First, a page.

# What is the wavelength, in nm, of a photon emitted during a transition from the n = 5 state to the n = 2 state in the hydrogen atom ?

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71
Jul 31, 2017

This should be a transition in the so called "Balmer Series":

(Picture from Ohanian Physics)

You can use the fact that a photon emitted during the transition from n = 5 to n = 2 will carry an energy $E$ equal to the difference between the energies of these two states.

Knowing this, you can relate the energy of the photon with the frequency $\nu$ through

$E = h \nu$

($h$ is Planck's constant.)

For any state corresponding to $n$ in the hydrogen atom, you get

${E}_{n} = - \frac{\text{13.6 eV}}{n} ^ 2$,

where $- \text{13.6 eV}$ is the approximate ground-state energy of the hydrogen atom.

So:

${E}_{2} = - \text{13.6 eV"/4 = -"3.4 eV} = - 5.44 \cdot {10}^{-} 19$ $\text{J}$

${E}_{5} = - \text{13.6 eV"/25 = "0.544 eV} = - 8.7 \cdot {10}^{-} 20$ $\text{J}$

So,

$\Delta E = 4.57 \cdot {10}^{-} 19$ $\text{J}$.

In $E = h \nu$,

nu=(4.57*10^-19 "J")/(6.63*10^-34 "J" cdot"s") = 6.892*10^14 "s"^(-1),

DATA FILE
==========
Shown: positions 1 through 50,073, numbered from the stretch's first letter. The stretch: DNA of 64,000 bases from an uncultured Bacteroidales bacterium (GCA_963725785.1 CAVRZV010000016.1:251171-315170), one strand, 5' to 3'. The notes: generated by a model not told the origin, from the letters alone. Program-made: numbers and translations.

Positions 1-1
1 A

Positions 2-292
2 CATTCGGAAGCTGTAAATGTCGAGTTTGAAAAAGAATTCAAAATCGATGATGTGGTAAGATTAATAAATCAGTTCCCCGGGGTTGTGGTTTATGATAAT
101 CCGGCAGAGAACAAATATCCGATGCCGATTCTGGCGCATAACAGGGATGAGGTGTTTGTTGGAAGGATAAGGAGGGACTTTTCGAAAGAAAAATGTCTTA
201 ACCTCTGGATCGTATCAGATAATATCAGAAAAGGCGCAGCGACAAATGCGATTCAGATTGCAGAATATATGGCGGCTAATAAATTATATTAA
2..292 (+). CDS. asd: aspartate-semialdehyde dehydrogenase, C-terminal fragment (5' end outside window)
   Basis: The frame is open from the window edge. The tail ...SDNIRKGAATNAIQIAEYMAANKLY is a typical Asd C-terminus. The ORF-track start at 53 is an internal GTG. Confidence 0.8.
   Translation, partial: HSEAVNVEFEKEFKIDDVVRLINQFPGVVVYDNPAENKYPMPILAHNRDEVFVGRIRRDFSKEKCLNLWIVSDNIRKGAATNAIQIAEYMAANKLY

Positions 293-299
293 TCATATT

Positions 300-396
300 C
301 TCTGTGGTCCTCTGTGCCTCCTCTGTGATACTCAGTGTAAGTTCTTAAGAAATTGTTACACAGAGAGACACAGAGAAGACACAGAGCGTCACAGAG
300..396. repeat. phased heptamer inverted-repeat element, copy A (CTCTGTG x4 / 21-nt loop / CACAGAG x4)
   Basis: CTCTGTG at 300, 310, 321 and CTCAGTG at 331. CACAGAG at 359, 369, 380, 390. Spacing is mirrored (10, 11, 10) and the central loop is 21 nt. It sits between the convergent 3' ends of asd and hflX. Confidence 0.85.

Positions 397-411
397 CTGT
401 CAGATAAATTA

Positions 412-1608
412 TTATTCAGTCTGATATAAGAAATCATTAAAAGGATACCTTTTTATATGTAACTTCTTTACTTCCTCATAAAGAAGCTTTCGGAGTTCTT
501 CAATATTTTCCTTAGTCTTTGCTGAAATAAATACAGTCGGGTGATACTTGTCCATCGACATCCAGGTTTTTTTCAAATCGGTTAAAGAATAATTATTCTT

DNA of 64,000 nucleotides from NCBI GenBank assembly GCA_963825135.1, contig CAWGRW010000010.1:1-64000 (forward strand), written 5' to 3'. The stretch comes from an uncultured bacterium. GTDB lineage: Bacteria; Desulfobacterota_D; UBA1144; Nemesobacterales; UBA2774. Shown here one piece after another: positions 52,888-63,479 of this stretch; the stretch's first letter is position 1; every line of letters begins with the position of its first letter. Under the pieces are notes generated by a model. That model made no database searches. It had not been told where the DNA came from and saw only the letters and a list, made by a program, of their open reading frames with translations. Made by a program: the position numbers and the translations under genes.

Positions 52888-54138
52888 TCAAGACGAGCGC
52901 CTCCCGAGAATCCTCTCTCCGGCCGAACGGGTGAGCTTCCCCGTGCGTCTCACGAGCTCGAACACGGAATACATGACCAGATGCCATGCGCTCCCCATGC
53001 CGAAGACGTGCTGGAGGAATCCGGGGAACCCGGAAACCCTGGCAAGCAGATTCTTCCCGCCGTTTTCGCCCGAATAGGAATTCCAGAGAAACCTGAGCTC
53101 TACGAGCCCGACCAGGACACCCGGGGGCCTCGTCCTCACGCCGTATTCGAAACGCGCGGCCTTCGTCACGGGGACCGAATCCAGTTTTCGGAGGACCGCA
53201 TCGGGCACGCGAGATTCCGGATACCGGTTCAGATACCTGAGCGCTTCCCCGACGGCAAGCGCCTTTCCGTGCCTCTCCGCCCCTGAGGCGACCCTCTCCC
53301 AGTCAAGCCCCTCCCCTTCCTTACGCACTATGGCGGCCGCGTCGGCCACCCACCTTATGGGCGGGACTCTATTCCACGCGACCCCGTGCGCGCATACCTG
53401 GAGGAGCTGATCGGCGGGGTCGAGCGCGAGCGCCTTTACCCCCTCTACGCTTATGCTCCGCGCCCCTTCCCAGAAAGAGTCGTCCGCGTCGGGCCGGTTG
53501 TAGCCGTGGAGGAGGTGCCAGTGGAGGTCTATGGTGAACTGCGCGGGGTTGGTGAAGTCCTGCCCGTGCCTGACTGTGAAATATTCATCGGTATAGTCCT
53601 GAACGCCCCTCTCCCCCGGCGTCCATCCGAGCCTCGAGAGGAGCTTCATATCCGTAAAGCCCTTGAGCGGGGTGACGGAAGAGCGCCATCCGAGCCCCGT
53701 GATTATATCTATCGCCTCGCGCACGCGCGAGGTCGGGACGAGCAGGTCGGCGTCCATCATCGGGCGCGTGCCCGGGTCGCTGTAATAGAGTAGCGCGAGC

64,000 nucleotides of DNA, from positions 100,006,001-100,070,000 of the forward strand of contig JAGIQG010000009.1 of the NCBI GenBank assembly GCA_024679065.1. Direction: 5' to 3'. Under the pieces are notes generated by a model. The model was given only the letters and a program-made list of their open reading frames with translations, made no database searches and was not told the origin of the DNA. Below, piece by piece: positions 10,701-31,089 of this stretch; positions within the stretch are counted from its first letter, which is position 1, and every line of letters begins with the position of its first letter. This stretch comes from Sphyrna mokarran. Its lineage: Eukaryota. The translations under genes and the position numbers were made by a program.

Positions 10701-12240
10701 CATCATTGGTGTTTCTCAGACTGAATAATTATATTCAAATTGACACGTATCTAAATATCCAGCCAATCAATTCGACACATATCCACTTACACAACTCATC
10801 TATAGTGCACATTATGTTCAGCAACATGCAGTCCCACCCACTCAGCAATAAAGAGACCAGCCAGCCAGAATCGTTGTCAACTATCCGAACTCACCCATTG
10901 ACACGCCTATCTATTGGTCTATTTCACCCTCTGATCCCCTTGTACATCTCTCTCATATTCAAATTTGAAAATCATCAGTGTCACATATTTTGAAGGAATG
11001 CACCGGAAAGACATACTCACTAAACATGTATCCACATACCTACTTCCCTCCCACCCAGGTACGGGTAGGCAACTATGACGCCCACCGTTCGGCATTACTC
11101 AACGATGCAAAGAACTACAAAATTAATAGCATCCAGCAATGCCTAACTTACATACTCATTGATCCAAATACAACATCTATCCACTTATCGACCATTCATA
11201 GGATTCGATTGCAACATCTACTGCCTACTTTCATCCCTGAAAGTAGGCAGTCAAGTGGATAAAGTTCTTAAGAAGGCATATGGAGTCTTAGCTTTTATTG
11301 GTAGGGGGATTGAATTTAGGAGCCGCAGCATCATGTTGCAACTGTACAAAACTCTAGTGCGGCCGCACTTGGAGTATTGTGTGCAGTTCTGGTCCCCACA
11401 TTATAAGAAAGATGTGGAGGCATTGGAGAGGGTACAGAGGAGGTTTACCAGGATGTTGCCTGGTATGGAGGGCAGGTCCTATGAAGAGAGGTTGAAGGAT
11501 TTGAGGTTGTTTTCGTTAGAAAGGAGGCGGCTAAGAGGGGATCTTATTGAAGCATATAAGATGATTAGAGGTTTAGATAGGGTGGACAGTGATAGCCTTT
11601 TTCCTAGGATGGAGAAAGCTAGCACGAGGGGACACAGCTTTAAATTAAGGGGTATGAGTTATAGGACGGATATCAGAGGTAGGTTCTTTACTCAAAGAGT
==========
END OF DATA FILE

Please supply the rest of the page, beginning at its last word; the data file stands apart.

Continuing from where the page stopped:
but $c = \lambda \nu$ ($c$ is the speed of light);

So,

lambda=(3*10^8 "m/s")/(6.892*10^14 "s"^(-1)) xx (10^9 "nm")/("1 m") = ul"435 nm"

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8
Oct 23, 2017

$\lambda = 433.936 7 n m$

#### Explanation:

$\lambda = \frac{h c}{E} _ p$

${E}_{p}$ is the energy of photon.

Since, ${E}_{p} = \frac{2 {\pi}^{2} {m}_{e} {K}^{2} {Z}^{2} {e}^{4}}{h} ^ 2 \left(\frac{1}{n} _ {2}^{2} - \frac{1}{n} _ {5}^{2}\right)$

$K = \frac{1}{4 \pi {\epsilon}_{0}} , {n}_{2} = 2 , {n}_{5} = 5 , Z = 1$

$\lambda = \frac{800 \cdot {h}^{3} \cdot c \cdot {\epsilon}_{0}^{2}}{21 \cdot {m}_{e} \cdot {e}^{4}}$

Putting in the values of physical constants

$\lambda = 433.9367 n m$

Here, $\lambda =$wavelength of photon

$h =$Planck's constant

${m}_{e} =$mass of electron

$c =$speed of light in vacuum

$e =$elementary charge

$Z =$Atomic No. [1 for hydrogen]

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